What's the best kind? That depends on you. "It's nice to use a product with a higher SPF. But make sure you find a sunscreen that you like because you'll use it more," .
Apply sunscreen 15 to 30 minutes before you go out. Put on enough so that it takes a full minute to rub in. If at the beach, spread at least 1 ounce -- enough to fill a shot glass -- on your face and entire body. Use more if you need to for good coverage. If you swim, sweat, or are outdoors for a long time, reapply every two hours. Your sunscreen should also have the following qualities:
- It is water resistant and sweat proof
- It has SPF of 15 or higher. According to The American Academy of Dermatology, sunscreen-SPF rating is calculated by comparing the amount of time needed to produce a sunburn on sunscreen-protected skin to the amount of time needed to cause a sunburn on unprotected skin.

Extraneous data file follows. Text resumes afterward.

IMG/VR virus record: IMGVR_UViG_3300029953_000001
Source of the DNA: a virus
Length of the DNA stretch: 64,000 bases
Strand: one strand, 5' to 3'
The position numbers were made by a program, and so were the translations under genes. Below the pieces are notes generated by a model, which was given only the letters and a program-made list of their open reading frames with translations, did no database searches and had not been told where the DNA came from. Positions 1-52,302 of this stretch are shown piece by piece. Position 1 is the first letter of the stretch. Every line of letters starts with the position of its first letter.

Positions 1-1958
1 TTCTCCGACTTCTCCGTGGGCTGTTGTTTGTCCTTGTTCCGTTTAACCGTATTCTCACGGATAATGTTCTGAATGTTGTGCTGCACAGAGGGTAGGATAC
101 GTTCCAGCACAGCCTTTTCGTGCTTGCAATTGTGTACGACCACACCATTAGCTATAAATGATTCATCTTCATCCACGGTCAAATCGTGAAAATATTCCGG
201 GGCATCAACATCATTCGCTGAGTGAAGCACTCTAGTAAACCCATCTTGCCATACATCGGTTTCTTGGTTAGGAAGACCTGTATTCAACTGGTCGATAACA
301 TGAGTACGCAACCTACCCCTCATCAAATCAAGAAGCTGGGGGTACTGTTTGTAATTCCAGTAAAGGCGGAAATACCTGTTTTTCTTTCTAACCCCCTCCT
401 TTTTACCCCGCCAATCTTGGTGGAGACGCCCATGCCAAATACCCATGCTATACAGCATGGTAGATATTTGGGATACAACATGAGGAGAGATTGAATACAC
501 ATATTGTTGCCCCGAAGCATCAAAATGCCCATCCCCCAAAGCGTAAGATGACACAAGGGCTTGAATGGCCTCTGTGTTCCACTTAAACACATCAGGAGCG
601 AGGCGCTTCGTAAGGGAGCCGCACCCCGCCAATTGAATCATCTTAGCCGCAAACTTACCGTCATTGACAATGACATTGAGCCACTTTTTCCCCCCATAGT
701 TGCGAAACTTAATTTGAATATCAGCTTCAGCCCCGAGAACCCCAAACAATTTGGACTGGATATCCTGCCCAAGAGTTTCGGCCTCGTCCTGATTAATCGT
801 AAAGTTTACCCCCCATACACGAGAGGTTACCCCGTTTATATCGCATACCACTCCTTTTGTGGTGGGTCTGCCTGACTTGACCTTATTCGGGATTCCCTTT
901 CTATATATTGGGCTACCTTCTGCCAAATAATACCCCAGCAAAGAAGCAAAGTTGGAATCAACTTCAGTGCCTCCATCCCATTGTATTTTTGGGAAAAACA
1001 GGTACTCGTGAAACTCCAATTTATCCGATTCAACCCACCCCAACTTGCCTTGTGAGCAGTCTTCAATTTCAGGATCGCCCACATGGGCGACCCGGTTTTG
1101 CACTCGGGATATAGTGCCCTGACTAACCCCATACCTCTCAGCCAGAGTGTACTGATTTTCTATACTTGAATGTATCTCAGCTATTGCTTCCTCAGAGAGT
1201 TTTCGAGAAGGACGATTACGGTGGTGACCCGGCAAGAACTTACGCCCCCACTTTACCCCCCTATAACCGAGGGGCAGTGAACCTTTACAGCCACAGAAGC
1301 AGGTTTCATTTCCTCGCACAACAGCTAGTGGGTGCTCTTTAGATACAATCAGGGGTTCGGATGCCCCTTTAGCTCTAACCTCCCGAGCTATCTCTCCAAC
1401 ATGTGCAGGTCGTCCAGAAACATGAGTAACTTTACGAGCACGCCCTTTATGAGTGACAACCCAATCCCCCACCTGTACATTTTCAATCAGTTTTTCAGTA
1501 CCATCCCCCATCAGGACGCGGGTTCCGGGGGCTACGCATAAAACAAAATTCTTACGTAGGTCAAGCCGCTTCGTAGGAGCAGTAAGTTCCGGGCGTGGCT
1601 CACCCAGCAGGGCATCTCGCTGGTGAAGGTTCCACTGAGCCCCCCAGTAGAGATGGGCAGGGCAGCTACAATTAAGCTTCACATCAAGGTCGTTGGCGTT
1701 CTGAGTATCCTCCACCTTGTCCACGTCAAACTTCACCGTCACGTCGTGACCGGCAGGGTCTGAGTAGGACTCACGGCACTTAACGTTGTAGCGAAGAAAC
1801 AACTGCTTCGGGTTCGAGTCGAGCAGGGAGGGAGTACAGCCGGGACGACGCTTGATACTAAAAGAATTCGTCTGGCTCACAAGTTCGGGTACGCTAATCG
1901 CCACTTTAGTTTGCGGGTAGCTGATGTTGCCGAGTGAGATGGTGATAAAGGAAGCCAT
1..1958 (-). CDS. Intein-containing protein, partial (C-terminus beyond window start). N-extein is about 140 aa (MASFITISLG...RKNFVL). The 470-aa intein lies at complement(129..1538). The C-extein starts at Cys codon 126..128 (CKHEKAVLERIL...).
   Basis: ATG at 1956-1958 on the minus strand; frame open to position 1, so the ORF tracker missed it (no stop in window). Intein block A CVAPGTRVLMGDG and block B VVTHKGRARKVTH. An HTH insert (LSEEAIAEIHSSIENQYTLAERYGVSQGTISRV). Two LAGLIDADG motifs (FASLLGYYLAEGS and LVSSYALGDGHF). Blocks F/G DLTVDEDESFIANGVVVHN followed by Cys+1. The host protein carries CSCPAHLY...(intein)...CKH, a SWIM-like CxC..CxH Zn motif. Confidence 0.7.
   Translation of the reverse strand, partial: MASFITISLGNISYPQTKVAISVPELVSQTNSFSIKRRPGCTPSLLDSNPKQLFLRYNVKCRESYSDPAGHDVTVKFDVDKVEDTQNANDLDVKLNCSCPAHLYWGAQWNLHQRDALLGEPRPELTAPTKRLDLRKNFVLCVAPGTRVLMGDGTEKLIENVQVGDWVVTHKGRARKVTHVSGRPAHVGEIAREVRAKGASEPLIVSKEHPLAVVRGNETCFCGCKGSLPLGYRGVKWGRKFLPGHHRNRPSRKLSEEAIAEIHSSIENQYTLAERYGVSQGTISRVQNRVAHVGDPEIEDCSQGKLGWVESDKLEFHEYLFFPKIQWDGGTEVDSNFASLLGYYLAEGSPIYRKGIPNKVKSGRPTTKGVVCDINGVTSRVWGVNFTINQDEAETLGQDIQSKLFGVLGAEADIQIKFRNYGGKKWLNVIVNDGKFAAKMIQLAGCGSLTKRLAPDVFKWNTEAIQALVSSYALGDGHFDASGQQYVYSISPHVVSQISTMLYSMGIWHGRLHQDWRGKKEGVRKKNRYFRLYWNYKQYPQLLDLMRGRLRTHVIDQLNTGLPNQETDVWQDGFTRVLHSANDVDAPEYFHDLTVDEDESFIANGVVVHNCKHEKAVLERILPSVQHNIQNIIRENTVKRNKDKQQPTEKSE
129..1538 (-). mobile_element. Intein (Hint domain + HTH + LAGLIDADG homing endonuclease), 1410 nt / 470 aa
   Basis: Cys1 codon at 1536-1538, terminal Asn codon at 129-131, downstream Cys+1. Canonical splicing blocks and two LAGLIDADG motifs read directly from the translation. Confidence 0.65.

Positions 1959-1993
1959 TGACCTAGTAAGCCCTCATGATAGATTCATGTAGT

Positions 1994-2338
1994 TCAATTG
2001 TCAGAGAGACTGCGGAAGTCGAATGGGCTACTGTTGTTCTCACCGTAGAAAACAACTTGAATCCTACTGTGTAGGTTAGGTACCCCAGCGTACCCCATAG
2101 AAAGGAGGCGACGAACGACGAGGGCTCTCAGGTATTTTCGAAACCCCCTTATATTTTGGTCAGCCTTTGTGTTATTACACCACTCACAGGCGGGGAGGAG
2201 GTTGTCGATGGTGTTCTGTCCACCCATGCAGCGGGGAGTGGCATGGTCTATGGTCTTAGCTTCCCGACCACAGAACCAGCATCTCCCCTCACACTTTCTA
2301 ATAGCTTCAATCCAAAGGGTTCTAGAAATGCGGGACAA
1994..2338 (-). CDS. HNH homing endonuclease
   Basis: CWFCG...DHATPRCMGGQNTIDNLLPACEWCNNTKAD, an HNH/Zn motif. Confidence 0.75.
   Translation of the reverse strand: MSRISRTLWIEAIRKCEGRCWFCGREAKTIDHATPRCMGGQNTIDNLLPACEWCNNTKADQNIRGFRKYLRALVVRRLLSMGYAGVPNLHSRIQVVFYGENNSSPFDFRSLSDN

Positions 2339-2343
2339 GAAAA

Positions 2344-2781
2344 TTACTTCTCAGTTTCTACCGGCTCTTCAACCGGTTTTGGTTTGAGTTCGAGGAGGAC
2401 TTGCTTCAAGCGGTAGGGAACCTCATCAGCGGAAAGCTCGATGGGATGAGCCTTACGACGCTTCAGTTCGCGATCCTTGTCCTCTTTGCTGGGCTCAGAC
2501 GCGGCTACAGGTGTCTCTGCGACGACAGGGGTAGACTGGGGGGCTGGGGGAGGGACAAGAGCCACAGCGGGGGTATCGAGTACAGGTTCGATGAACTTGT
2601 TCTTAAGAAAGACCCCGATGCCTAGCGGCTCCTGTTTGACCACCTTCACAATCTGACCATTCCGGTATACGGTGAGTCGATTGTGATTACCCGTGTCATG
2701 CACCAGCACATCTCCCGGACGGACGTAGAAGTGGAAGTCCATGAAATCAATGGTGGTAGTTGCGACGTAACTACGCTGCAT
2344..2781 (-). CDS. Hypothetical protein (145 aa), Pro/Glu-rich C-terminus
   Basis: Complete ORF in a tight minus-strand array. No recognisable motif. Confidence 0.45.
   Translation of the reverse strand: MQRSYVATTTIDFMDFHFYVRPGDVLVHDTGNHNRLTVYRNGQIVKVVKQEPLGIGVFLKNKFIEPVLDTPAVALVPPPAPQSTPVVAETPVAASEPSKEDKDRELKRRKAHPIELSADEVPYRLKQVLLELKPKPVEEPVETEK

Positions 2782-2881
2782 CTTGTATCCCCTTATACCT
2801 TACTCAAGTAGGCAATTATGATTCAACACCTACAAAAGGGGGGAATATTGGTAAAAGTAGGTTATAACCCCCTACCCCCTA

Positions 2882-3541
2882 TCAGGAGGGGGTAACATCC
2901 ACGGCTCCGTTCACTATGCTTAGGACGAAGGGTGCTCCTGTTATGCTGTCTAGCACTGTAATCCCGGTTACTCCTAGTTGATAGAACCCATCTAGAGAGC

For example, with an SPF 2 sunscreen a person who normally (without sunscreen) would turn red after 10 minutes of sun exposure would take 20 minutes to turn red. A sunscreen with an SPF of 30 would allow that person to multiply that initial burning time by 30, which means it would take 30 times longer to burn. However, SPF should not be used to determine time in the sun.
Skin damage can happen even without a burn. Plus, higher SPF numbers do not give proportionate protection. SPF 15 deflects 93% of sun-burning rays, whereas SPF 30 deflects 97%, reports the AAD.
- Make sure your sunscreen provides broad-spectrum protection, which is in sunscreens containing benzophenones (oxybenzone), cinnamates (octylmethyl cinnamate and cinoxate), sulisobenzone, salicylates, titanium oxide, zinc oxide, and avobenzone (Parsol 1789).
If the Sunscreen does not have these agents, It may only filter UVB light, the major culprit for sunburn and skin cancer. Yet, protection from UVA is important, too. It is responsible for premature aging and the development of skin cancer.